The League of Gentlemen returns


#1

Originally published at: https://boingboing.net/2017/08/26/the-league-of-gentlemen-return.html


#2

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#3

I’ve never seen this before, and I laughed way too hard at that tortoise scene. I think I’ve made myself uncomfortable. I love Mark Gatiss.


#4

I know I’m conflicted.


#5

This is the kind of thing that only got to the screen because the makers called it comedy. It is very funny, but it is also extremely horrible and often uncomfortable… and that’s before Papa Lazarou turns up.

“You’re mah waaaf now, Dave!”


#6

Yeah I watched that clip. I did not laugh at that one. If blackface was ever funny (it wasn’t) it definitely isn’t today. That one was a bit much for me.


#7

What makes Papa Lazarou so awful (and so clever) is that he’s there to show how white people’s lingering fear of outsiders is exposed by what they tolerate.

Papa Lazarou’s victims’ tolerance of his presence is a metaphor for a predominantly white audience’s tolerance for the image of Papa Lazarou.

“Are you enjoying the excuses you make for me, for tolerating my continued presence here? You’ll never get rid of me.”

It doesn’t make it OK, because it’s still blackface being used for (largely white) people’s entertainment and edification. And I hope they don’t bring him back; whatever nuance or value it has will burn off within seconds of hitting the internet, leaving a minstrel for the memes.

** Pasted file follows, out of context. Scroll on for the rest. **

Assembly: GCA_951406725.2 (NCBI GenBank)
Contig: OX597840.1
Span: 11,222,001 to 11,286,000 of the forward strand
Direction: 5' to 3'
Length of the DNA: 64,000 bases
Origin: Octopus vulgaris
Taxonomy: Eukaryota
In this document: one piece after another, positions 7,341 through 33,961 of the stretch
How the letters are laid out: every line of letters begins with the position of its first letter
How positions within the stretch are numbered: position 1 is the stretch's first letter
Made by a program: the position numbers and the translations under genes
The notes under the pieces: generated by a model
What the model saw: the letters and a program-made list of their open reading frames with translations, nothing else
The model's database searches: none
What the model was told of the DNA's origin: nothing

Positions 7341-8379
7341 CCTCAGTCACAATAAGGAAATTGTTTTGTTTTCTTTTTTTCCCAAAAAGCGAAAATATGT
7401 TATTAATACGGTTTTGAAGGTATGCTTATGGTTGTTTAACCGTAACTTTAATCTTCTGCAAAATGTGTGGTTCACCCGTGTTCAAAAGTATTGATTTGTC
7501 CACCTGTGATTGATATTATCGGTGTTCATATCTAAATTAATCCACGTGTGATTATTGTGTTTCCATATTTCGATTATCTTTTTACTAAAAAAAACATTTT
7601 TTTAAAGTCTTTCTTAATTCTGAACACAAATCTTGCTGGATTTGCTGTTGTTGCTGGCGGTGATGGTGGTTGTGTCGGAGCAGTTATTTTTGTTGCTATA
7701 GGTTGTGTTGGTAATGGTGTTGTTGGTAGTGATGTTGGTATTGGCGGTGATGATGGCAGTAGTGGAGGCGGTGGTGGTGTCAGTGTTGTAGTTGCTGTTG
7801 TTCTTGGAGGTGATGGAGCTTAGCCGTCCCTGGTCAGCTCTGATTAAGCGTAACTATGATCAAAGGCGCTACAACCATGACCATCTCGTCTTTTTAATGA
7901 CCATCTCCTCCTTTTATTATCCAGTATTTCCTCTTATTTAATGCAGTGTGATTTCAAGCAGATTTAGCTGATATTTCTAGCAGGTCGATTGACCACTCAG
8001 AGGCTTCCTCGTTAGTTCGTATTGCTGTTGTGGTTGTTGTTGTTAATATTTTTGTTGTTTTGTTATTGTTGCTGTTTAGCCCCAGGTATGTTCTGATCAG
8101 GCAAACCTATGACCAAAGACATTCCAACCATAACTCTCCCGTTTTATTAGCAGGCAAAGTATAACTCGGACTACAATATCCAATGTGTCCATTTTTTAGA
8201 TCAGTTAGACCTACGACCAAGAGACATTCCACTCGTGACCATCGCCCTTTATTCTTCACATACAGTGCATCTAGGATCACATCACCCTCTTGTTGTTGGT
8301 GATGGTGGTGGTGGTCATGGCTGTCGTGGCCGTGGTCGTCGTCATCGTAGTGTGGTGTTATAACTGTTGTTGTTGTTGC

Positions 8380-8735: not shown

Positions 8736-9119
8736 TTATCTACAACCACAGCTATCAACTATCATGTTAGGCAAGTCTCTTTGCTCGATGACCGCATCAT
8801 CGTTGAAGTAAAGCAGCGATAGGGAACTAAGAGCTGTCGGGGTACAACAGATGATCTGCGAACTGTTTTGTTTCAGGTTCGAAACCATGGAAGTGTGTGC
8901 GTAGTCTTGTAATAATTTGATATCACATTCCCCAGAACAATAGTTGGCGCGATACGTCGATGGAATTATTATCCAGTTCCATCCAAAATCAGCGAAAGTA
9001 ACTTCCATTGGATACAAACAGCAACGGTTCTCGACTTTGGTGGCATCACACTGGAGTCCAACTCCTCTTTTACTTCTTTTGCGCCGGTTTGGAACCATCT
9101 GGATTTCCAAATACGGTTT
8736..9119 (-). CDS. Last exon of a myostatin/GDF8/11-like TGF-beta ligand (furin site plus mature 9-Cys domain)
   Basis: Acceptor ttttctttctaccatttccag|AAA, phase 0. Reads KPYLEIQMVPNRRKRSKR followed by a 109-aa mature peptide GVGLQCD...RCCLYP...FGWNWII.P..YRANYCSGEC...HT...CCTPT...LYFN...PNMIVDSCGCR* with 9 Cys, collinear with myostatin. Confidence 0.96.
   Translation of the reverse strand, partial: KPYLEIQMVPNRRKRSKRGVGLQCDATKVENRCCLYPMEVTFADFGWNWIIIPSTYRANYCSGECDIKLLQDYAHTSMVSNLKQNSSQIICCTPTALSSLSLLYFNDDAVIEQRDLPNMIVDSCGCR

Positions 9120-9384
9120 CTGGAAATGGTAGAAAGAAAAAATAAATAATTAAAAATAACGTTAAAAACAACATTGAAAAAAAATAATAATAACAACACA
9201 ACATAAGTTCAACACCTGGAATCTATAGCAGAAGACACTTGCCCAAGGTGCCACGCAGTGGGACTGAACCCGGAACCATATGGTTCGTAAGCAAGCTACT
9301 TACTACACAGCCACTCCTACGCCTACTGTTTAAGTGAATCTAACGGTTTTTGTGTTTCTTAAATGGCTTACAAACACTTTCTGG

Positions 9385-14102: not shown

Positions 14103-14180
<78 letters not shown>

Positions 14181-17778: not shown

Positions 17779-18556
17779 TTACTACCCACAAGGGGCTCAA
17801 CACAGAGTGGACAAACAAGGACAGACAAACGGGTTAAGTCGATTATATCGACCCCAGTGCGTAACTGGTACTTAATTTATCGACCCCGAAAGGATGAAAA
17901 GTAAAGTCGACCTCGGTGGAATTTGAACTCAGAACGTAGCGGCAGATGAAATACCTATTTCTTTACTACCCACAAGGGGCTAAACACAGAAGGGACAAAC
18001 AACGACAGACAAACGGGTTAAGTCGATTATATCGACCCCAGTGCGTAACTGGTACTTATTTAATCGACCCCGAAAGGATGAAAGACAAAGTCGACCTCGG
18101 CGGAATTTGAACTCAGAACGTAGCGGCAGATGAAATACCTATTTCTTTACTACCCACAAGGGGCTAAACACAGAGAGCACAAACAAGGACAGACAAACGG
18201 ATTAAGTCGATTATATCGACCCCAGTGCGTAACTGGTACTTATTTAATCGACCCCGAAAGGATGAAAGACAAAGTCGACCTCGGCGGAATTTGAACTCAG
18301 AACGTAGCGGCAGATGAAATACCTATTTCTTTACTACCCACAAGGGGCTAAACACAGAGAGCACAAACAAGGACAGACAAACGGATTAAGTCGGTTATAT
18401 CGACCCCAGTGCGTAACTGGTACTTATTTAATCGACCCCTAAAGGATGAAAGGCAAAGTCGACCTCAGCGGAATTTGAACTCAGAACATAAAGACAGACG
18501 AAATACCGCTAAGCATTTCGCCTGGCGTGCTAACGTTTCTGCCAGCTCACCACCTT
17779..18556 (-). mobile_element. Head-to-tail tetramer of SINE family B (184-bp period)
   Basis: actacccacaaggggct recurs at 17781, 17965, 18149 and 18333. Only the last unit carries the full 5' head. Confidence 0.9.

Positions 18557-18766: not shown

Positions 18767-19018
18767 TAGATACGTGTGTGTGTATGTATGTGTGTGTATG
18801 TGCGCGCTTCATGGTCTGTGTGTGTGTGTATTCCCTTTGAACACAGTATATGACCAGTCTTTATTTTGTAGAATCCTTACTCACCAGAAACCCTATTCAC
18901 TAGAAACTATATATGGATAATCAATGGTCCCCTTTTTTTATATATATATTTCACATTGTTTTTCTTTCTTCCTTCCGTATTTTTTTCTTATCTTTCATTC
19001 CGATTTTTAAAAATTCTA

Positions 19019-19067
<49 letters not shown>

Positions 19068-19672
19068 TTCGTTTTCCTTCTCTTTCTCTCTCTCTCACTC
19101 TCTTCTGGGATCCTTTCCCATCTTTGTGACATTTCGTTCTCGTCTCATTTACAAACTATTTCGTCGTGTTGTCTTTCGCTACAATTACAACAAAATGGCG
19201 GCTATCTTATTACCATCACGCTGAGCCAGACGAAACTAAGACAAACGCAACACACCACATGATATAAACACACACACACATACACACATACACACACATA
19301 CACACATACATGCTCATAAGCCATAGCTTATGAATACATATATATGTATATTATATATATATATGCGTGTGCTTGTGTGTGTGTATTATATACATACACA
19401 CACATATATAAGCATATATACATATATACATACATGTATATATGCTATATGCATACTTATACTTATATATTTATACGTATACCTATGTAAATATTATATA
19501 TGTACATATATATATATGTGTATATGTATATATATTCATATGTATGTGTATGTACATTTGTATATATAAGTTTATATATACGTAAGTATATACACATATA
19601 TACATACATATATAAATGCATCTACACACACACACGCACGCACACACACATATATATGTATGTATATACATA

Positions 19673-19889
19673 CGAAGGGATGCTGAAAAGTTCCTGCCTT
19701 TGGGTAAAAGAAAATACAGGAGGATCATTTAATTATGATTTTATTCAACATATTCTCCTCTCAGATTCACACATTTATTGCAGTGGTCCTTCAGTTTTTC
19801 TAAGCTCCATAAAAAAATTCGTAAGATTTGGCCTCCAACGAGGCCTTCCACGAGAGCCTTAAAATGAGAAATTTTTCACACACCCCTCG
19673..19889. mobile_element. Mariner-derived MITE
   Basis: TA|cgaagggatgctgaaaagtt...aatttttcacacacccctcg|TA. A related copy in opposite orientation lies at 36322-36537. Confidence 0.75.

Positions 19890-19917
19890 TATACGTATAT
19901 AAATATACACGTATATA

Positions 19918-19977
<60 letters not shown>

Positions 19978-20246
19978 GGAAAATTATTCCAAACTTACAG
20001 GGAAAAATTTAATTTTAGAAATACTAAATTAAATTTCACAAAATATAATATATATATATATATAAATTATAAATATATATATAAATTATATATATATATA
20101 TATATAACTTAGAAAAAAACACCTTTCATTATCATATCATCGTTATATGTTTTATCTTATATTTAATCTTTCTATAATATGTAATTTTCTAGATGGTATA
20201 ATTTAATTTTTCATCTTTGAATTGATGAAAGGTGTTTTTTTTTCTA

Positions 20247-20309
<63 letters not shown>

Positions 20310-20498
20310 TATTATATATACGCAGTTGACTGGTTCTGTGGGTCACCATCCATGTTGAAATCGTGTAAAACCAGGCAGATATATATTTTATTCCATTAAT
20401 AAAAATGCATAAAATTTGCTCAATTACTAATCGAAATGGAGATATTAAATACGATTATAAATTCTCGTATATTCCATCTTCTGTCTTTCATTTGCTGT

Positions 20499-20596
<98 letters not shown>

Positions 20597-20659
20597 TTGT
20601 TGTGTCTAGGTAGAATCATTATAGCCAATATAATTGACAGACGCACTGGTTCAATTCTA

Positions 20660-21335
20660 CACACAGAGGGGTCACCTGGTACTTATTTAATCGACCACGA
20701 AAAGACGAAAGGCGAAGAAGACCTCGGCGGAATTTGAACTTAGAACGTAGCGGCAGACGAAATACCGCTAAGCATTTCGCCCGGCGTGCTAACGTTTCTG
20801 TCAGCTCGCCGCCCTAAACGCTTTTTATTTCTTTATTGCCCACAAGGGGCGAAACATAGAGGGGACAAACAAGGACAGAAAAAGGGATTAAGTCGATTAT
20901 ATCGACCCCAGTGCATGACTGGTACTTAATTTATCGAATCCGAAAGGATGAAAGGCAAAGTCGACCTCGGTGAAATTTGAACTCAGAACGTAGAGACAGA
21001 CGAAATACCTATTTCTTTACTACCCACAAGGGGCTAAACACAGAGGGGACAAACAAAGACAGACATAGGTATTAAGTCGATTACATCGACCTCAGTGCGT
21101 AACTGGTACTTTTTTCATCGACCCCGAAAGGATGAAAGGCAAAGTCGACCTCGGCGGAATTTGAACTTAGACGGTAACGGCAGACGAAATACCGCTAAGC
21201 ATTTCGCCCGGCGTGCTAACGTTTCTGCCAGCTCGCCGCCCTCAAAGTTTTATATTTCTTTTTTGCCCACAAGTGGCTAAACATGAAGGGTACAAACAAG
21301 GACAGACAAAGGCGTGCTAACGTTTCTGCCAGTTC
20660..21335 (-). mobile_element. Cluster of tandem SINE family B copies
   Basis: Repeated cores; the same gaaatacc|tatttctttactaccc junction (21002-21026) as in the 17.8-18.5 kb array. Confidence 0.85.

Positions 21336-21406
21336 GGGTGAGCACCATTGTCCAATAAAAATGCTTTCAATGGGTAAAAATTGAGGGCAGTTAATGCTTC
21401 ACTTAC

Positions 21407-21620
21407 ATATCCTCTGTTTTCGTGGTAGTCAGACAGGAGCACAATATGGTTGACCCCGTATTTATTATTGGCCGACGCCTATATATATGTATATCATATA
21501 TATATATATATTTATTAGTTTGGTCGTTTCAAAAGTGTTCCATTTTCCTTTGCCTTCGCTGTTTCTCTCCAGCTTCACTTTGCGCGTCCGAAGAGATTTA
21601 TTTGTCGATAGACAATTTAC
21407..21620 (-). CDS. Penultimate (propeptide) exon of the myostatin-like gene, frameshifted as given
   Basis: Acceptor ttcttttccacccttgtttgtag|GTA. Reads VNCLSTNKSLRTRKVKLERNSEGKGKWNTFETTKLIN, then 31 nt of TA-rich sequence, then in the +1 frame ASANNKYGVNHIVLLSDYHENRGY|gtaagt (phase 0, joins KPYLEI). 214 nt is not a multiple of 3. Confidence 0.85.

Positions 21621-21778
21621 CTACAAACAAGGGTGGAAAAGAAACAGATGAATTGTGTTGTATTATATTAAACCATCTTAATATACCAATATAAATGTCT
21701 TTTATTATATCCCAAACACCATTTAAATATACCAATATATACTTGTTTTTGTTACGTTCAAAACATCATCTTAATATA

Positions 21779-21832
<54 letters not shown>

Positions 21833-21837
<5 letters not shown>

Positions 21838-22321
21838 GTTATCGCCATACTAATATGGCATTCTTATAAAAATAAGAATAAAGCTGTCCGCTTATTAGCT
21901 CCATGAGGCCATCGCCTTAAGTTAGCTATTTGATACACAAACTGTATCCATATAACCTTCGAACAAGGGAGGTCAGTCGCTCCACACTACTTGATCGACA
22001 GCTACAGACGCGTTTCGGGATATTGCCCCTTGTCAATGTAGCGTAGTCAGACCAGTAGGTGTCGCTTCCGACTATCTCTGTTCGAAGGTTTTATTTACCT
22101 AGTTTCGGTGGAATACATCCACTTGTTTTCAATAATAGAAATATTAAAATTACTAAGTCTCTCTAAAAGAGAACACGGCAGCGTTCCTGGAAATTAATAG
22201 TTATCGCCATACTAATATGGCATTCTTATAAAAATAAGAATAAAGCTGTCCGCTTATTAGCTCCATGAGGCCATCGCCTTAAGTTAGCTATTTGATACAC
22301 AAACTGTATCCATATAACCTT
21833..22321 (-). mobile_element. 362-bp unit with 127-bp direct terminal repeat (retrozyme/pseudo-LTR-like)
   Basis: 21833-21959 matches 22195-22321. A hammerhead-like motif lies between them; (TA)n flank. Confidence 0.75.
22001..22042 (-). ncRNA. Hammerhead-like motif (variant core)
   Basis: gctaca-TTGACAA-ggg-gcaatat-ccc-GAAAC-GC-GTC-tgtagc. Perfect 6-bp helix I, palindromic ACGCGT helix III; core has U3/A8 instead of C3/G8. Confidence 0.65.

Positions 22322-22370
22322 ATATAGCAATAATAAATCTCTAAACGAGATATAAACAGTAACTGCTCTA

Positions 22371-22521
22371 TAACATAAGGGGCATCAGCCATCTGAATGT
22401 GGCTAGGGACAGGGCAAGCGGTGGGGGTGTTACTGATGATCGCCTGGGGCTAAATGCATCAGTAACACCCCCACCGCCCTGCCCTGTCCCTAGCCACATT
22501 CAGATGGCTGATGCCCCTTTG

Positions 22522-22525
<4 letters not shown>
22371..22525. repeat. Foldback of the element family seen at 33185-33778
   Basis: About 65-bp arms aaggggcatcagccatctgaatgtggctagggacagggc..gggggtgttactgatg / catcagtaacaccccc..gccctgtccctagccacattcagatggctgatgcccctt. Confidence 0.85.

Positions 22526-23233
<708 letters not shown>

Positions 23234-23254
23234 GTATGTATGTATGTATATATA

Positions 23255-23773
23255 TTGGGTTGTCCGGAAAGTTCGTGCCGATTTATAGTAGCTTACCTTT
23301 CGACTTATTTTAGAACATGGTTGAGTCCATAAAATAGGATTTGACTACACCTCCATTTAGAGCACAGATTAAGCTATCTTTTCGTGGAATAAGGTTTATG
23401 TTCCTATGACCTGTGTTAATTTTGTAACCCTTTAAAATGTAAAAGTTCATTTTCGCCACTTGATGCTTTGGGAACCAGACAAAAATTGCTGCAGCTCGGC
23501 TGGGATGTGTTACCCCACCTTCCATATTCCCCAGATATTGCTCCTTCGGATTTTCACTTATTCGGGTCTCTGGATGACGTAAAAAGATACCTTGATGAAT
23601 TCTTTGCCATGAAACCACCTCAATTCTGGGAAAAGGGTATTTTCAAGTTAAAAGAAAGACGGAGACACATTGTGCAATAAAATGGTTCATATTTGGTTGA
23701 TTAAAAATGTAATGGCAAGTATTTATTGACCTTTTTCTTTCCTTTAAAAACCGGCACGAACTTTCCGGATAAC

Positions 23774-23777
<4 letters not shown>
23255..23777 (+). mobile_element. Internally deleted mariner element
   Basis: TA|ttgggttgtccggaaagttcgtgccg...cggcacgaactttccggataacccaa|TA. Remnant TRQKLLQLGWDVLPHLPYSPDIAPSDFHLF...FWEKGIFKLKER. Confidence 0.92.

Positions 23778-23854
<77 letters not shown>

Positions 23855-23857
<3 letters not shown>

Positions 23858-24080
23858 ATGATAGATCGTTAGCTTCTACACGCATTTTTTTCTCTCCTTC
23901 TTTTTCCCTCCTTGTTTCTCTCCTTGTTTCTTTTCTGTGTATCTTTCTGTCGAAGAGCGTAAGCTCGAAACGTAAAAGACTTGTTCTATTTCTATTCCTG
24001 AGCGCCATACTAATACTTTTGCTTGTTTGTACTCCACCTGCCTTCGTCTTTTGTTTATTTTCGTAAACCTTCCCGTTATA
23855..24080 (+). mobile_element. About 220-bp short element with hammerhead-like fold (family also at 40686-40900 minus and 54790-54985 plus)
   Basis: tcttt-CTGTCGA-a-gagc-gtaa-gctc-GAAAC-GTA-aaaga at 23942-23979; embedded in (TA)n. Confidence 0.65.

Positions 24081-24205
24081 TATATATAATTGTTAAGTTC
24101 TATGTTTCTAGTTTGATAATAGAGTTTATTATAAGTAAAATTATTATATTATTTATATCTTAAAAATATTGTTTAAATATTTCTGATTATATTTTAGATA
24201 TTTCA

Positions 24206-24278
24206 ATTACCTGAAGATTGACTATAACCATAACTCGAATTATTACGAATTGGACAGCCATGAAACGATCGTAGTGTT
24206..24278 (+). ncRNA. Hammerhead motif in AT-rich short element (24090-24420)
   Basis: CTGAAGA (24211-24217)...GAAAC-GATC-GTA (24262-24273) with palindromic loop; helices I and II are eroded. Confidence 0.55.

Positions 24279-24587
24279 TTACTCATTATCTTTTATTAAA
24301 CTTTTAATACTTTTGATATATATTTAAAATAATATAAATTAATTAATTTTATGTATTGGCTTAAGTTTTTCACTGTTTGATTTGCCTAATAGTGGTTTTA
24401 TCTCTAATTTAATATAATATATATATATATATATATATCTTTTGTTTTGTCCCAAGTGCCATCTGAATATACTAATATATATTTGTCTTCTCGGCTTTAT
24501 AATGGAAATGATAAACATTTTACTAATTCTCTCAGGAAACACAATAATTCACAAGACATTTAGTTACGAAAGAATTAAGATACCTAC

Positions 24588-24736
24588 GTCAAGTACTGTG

#8

I hope you didn’t see any of the Barbara clips. Those weren’t the cause of the transphobic abuse that I got nearly 15 years ago, but they were an excuse, along with the two trans characters from Little Britain.

I seriously have a feeling of dread about this.


#9

I never liked it much to begin with, but I’m shocked by how awful Little Britain is in retrospect. The spiteful dead end of what was a good UK comedy tradition (taking a single joke and elaborating it with varying situations and contexts)


#10

I, for one, hope Pauline makes a return to the Job Centre.


#11

She was truly egregious.


#12

It’s so very rare that blackface can be employed in a way that successfully satirizes it. This seems to be such a case (and I’d argue Tropic of Thunder does it too).

Couldn’t agree more.


#13

I have been to a ‘Job Club’. It is EXACTLY like that.


#14

It’s odd, if someone described Robert Downey Jr.'s character Kirk Lazarus to me, I’d be just fuck no. It’s subversive, but it’s one of those things that can’t possibly work in theory, only in practice.


#15

I quit watching clips after the blackface one and about half the employment reeducation one. That one I didn’t find offensive, I just thought it wasn’t funny. Which may be a worse sin, for a comedy.


#16

I didn’t ‘get’ The League of Gentlemen at first, either - I thought it was just another sketch show, and the sketches weren’t especially funny in isolation.

Then I started to realise it’s more about the characters and the unthinkable situations that, more often than not, they’ve trapped themselves in. Plus the overarching story arc which, again, I didn’t notice at first.

Very, very dark. Chinnery was one of the lighter threads.


#17

Indeed! The vet who kills every animal he touches is the light-hearted relief from the bleak soul-drowning grimness of everything else.

Sometimes I like to imagine what the American The League Of Gentlemen would be like.


#18

That’s a fascinating question. Royston Vasey could, I think, be anywhere in Britain, but an American version would likely be regional and play on stereotypes. I suspect it would also be more talky (see Seinfeld or even Modern Family), and also have a love interest for the “normal” guy.

In short it’d probably ruin it.


#19

The obvious ones:

  1. Hick town in the Appalachians
  2. Louisiana swamp town (Baron Samedi vs Papa Lazarou)
  3. Smalltown version of Fargo
  4. Twin Peaks but with bathos

I bet Canada could do it really well.


#20

Skip it and just watch this.

You can thank me later.